REGULATING THE TERMS OF APPRENTICESHIPS IN THE COUNTRY
For any country to be great, the citizens of that country must be industrious! Hence, there should be adequate and implementable laws to guide the conducts of the citizenry. In the olden days, when a child grows up in any family, it is either the young man is sent to school or he is given out to any family relation or friend to either acquire skills or learn how to trade. The duration of such adventure normally lasts between 2 to 4 years depending on the agreed terms of engagement. Under this term, the child will leave his parents and move to the city where he will stay with his master. This practice has produced many great industrialists, technicians and renowned traders in the country.
However, like other sectors which has been mercilessly abused, this particular process of training a child to be self reliant outside the four walls of higher institution has transmogrified to something else. Today, we have masters and servants who have abused the process. We have servants who after serving their masters between 7 to 11 years, instead of been settled by their masters to start life a fresh, the so-called masters will accuse the servant of committing one offence or the other which they will rely on to deny the servant a befitting settlement worthy of his sacrifice and potentials. The story is the same every where such practice exists in Nigeria.
The tragedy of this practice today is that, some heartless individuals will move from the various cities down to the remote areas where access to better life is a pipe dream, to meet parents who have no idea of how to bequeath good life to their children and start telling them fictional stories about life in the city and how they plan to transform the life of these children if only such child would be released to them. The unsuspecting parents who have lost touch with realities will gladly release the young child to them. The innocent child will stay with them for about 4 years without any document stipulating how long the child will stay before he is settled. In this age of information super high way, the child is denied access to communication so that his parents or family will not reach him to know how their child is faring. The master of the child will keep telling the child's parents that all is well, whereas as is not well.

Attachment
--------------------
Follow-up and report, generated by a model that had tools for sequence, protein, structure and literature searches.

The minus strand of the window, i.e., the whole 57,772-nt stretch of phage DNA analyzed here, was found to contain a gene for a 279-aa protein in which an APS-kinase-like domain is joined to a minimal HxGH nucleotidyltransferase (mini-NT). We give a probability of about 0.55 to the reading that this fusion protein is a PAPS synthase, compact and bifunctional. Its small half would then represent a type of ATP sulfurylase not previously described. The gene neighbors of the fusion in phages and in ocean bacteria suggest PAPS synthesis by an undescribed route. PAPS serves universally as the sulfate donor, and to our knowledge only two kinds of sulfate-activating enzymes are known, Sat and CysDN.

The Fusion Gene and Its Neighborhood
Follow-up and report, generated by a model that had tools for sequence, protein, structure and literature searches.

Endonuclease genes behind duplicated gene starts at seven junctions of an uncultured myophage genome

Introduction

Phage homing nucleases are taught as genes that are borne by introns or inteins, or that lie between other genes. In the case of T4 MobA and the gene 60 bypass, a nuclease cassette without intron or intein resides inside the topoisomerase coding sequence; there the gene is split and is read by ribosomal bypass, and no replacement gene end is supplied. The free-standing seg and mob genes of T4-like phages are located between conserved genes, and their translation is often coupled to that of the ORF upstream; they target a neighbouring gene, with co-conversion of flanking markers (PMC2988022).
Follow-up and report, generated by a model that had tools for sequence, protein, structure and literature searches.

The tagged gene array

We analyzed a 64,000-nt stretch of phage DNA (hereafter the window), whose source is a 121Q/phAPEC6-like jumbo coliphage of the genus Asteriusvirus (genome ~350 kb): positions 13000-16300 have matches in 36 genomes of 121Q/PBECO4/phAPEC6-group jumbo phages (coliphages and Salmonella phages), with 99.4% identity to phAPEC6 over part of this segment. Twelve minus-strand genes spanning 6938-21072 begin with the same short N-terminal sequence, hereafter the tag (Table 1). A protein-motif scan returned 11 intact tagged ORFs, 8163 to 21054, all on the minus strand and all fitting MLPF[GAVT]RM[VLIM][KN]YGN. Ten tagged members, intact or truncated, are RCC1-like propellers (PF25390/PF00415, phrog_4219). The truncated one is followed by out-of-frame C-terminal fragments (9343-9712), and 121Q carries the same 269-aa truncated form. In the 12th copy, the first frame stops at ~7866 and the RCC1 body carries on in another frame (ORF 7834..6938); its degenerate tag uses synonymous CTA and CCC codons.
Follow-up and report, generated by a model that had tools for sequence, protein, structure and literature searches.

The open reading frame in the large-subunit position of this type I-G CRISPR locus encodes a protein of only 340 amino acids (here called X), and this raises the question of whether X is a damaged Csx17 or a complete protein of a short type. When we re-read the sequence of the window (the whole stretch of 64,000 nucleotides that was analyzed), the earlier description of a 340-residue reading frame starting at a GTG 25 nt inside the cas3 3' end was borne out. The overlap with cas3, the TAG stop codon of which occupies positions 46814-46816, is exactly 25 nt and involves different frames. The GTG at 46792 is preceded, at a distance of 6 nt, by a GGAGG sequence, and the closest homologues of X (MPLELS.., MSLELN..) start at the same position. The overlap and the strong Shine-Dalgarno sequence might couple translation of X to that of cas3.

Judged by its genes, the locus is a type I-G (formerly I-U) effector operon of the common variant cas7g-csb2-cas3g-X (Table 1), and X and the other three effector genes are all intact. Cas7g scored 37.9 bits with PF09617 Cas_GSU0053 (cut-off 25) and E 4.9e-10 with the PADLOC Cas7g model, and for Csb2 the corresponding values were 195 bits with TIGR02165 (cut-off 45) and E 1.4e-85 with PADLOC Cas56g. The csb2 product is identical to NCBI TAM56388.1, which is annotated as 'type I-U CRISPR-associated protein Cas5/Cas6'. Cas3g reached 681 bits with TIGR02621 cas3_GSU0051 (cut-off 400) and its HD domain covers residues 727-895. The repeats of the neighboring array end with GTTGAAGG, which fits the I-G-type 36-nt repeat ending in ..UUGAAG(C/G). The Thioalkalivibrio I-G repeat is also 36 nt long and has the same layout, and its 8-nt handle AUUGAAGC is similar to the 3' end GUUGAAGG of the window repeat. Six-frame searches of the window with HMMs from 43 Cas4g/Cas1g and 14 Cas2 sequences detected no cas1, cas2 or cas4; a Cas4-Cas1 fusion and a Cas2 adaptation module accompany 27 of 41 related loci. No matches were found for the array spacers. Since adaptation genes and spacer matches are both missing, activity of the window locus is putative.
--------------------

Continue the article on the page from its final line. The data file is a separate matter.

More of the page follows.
When the child insist on reaching his people as a result of advancement in age, and the master discovers that, the child's parents are no longer happy with the deceptive promises they were lured in to by these heartless masters, they will then look for one unjustifiable or unfounded allegations to level against the boy-servant. Hence, they will drive the child out of their houses empty handed. The whole years the child spent serving his master becomes a waste, because there is no valid document to tender in the court where he could seek justice.
According to Carlin Georgescu, United Nations Special Rapporteur on the adverse effects of the movement and dumping of toxic and dangerous products and wastes on the enjoyment of human rights: “Justice is distorted when the victim pays for the conduct of the accused”. Therefore, the rejected servant becomes hopeless, and worse still, age would no longer be on his side to start life from the scratch. In an effort survive and look like his peers, such child begins to nurse negative thoughts and imaginations. It was Friedrich Nietzsche who said: “That which does not kill us makes us stronger”. As a result of the frustration encountered from his master, such person becomes hardened and some of them who cannot see light at the end of the tunnel, resorts to what we say in journalism: “If it bleeds, it leeds”.
Nonetheless, these classes of neglected Nigerians are co-citizens whose rights are protected by the constitution. Should we continue to turn blind eyes and paying sealed lips to the plights of the downtrodden in our society? According to Martin Niemoller, a German anti-Nazi activist, he said: “First they came for the Jews and I did not speak out because I was not a Jew. Then they came for the Communists and I did not speak out because I was not a Communists. Then they came for the trade unionists and I did not speak out because I was not a trade unionists. Then, they came for me and they was no one left to speak out for me”.
Last Christmas, many Nigerians were afraid of travelling from their places of residence to their various communities because of one anti-social behavior or the other! As a young man who grew up in different cultures and religious environments in Nigeria, there is one truth synonymous with every religious and moral teaching in the country: “Whatever you want men to do to you, do also to them”. This is because; we cannot sow evil through our thoughts, words and actions and expect a miracle!
Finally, a law should be made detailing procedures and rules guiding apprenticeships in the country. The law establishing the National Agency for the Prevention of Traffic in Persons NAPTIP should be amended to include these set of Nigerians who has been dying in silence in its oversight functions. Also, budgetary provisions for NAPTIP should be increased. The Federal Government should create a special scheme for these classes of Nigerians where they could easily raise funds to start their own businesses or workshops. This is the only way we can build a better society for all.
Comrade Edwin Ekene is the National President of Young Nigerians for Change.
No. 29, Ben Mbamalu Crescent, Achara Layout, Enugu State.